Texas Governor Greg Abbott said he was ''confident'' that ultimately courts will uphold a ban on President Barack Obama's immigration overhaul. Rough Cut (no reporter narration).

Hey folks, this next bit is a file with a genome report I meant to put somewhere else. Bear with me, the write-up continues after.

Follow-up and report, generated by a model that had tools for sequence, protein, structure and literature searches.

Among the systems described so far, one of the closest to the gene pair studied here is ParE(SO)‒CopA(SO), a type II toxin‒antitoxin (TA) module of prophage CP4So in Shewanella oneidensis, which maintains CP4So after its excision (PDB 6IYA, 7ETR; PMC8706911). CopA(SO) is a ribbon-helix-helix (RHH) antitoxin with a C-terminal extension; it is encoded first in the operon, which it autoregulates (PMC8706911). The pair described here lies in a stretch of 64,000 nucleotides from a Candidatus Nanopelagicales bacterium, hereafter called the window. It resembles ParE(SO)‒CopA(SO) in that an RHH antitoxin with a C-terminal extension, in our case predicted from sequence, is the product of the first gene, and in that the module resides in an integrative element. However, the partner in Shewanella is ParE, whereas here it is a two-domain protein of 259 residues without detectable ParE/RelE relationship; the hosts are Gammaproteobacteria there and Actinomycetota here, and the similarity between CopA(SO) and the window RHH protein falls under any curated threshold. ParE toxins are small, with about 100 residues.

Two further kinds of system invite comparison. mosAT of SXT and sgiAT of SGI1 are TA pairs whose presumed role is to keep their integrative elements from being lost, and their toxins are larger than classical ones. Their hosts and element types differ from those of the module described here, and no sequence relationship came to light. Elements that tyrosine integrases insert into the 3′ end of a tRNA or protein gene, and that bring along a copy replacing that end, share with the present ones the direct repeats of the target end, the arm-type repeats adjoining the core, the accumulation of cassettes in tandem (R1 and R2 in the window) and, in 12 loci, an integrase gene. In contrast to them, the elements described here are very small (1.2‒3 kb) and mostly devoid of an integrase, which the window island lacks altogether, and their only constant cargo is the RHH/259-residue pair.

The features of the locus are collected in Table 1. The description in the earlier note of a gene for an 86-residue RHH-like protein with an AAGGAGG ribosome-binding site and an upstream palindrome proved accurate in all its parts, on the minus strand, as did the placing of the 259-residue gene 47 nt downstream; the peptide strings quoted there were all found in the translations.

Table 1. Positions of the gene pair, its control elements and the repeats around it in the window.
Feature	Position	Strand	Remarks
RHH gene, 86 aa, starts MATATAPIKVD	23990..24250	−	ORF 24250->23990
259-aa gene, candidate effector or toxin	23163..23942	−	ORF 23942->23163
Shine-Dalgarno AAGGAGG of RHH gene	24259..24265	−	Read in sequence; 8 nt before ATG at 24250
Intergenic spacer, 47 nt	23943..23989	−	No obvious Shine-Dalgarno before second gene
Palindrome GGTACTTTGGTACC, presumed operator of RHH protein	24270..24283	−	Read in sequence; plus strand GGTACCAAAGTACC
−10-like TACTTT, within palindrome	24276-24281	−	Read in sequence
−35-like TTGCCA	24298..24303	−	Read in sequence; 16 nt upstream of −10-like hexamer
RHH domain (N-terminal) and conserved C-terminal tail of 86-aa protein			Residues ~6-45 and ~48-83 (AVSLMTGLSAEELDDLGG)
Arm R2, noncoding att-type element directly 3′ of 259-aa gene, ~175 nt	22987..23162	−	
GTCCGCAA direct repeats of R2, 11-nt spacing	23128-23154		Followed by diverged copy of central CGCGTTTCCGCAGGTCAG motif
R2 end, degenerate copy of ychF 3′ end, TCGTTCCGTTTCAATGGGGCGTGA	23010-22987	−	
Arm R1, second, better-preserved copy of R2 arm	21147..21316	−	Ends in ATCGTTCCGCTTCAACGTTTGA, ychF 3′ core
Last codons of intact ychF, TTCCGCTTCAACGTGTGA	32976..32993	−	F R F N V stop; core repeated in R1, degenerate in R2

ROUGH CUT (NO REPORTER NARRATION) STORY: Texas Governor Greg Abbott said he was "confident" that ultimately courts will uphold a ban on President Barack Obama's immigration overhaul, which a Texas court overturned. In his ruling on Monday that upended plans to shield millions of people from deportation, U.S. District Judge Andrew Hanen avoided diving into sweeping constitutional questions or tackling presidential powers head-on. Instead, he faulted Obama for not giving public notice of his plans. The failure to do so, Hanen wrote, was a violation of the 1946 Administrative Procedure Act, which requires notice in a publication called the Federal Register as well as an opportunity for people to submit views in writing. The ruling, however narrow, marked an initial victory for 26 states that brought the case alleging Obama had exceeded his powers with executive orders that would let up to 4.7 million illegal immigrants stay without threat of deportation. At a news conference, Abbott said, "I am confident that as this case works its way up the appellate process, we will continue to win." Abbott was joined by Republican Senator Ted Cruz who said he was proud that Texas led the way on this issue. The U.S. Justice Department was preparing an appeal of Hanen's temporary injunction to the 5th U.S. Circuit Court of Appeals in New Orleans. The court could consider an emergency request to block Hanen's ruling, potentially within days, although most of the 23 judges on the court were appointed by Republican presidents. =